The 2010 Sundance Film Festival opened its doors last night with fist pumps and cries to rebel, to destroy, to fight for what you believe in and to not be afraid to lean on someone for help, guidance or a solution. Thematically, the new regime at Sundance did a superb job programming their opening night slate -- spreading it across three different screenings (a full-length narrative, a shorts program and a documentary), all of which featured the aforementioned themes loud and clear. The festival had announced its return -- its rebirth -- and if you weren't game to jump onboard, these opening night films would grab you by the arm and toss you into the middle of the dance floor.
Most buzzed-about right out of the gate was Spike Jonze's 35-minute short, I'm Here. What was essentially a depressingly honest look at a deteriorating relationship set against a whimsical not-so-distant future where robots and humans co-exist, this, to me, felt like Jonze's most personal film to date. I know nothing of his prior relationship with Michelle Williams, or what went wrong there, but it was pretty obvious that Jonze crafted this "love" story -- about one robot who keeps giving to his self-destructive partner until he's nothing but a shell of his former self -- after experiencing this sort of thing first hand, either personally or through a close friend.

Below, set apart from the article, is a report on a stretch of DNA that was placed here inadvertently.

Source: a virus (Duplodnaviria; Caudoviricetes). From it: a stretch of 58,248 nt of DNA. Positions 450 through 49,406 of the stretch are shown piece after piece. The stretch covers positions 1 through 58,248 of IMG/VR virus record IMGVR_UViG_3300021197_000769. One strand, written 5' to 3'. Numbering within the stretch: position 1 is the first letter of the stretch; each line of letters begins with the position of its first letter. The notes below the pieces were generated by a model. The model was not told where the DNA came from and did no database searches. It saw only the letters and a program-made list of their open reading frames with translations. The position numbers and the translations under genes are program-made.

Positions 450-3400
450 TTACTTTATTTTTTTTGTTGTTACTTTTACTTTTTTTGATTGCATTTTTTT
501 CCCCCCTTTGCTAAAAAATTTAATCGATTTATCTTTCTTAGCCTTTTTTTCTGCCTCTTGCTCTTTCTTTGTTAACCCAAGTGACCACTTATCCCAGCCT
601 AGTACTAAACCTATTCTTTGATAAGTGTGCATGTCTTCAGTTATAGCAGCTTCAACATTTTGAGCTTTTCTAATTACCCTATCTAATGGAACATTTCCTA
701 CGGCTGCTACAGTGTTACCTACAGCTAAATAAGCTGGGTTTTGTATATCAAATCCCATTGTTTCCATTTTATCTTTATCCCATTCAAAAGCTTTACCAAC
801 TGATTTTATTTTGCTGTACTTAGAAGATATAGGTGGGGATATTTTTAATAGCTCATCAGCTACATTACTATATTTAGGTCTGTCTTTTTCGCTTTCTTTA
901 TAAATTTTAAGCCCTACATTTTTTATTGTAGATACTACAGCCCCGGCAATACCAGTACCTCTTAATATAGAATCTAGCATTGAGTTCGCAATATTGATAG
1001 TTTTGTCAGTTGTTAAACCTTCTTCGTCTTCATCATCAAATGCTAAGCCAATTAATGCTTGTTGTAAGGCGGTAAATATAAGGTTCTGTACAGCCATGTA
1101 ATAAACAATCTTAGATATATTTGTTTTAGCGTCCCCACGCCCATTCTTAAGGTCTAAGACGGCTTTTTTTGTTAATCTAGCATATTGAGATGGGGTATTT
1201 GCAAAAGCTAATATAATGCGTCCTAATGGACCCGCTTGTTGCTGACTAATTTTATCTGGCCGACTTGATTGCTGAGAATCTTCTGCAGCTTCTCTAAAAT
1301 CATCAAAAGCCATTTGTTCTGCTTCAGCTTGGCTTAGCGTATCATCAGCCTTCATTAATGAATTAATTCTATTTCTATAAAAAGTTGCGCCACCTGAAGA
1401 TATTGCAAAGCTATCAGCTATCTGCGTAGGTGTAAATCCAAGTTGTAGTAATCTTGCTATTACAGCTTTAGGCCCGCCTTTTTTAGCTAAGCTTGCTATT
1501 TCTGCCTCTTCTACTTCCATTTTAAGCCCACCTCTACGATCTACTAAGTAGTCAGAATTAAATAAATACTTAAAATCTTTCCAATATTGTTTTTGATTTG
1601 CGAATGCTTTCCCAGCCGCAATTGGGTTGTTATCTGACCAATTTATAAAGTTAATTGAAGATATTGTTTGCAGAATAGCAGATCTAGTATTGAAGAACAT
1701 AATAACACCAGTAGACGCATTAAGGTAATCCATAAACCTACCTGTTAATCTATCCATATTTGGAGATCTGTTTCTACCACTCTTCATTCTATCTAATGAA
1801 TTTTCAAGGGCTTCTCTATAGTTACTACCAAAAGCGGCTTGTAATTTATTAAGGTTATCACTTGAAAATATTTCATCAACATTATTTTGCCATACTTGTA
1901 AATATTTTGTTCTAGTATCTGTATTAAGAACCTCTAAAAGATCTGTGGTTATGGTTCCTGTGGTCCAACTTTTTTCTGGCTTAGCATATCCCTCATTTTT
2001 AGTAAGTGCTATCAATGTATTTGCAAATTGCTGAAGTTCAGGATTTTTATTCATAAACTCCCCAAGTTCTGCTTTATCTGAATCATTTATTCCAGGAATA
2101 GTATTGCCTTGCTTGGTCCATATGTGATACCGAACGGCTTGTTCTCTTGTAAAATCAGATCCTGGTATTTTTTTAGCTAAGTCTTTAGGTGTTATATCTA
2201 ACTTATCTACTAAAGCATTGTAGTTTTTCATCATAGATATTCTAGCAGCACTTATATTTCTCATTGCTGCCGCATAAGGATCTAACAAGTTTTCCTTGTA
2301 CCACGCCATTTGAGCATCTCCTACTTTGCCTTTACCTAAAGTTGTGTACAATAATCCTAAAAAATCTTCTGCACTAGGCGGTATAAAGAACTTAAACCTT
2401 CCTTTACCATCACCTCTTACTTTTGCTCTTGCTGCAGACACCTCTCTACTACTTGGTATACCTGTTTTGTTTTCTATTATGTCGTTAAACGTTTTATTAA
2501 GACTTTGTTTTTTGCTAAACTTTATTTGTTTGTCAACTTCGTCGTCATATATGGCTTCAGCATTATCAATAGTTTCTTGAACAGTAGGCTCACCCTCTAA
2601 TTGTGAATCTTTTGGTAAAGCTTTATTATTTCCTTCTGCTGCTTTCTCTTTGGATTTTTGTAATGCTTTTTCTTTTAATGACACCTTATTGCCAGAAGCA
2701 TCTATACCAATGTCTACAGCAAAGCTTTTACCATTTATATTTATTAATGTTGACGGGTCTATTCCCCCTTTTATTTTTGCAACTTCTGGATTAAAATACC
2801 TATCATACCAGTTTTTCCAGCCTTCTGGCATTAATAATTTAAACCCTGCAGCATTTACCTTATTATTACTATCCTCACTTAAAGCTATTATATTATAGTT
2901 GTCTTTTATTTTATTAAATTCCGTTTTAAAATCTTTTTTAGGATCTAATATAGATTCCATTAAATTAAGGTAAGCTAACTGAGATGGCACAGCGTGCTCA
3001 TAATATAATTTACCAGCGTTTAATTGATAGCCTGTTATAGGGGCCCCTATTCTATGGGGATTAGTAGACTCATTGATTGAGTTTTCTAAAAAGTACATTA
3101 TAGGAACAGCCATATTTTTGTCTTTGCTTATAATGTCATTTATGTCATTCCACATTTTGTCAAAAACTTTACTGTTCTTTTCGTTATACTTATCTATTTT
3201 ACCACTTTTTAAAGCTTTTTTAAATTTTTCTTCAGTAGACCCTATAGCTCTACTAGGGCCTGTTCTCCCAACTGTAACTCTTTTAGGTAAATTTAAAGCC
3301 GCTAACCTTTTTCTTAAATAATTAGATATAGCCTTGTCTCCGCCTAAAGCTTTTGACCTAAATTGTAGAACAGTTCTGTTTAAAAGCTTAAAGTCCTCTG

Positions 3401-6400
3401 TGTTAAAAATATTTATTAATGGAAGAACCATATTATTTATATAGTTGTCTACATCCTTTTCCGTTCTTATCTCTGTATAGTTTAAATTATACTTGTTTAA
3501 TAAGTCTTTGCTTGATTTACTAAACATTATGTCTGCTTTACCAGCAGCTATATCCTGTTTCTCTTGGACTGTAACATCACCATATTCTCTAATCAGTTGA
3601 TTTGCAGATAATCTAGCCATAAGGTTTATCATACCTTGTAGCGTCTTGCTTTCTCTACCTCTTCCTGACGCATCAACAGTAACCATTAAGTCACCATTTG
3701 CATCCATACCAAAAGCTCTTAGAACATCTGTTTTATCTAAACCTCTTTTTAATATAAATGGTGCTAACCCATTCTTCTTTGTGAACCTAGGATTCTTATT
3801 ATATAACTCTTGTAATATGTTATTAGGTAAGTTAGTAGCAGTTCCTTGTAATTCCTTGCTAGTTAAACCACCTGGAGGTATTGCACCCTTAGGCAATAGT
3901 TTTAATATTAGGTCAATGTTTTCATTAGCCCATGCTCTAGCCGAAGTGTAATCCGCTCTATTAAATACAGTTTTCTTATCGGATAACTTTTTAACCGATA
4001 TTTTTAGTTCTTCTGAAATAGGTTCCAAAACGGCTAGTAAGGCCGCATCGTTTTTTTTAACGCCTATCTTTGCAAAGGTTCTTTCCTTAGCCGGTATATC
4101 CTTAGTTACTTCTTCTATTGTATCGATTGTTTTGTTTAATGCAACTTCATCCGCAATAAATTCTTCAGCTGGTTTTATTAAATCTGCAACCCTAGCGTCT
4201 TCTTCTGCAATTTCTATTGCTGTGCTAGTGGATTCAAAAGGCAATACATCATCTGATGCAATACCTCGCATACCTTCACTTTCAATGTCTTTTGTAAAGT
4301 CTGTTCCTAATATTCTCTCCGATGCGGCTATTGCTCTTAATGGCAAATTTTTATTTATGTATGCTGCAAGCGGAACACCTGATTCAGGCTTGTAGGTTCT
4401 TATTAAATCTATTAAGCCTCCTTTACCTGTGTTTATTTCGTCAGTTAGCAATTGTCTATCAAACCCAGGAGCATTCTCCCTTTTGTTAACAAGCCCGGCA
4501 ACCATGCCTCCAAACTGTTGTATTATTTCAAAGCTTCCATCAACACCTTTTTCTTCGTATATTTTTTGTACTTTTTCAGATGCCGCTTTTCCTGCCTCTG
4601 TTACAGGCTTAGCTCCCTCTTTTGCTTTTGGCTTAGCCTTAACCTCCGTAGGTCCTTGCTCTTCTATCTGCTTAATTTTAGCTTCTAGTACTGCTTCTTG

Sweet and heartfelt, yes, but a sobering reminder that we sometimes lose ourselves in these relationships that aren't healthy because we're in love with the idea of being with a person, or the idea of being in love -- of doing something different with your life that breaks away from everyday boredom and exposes you to what is perhaps our most dangerous drug: love.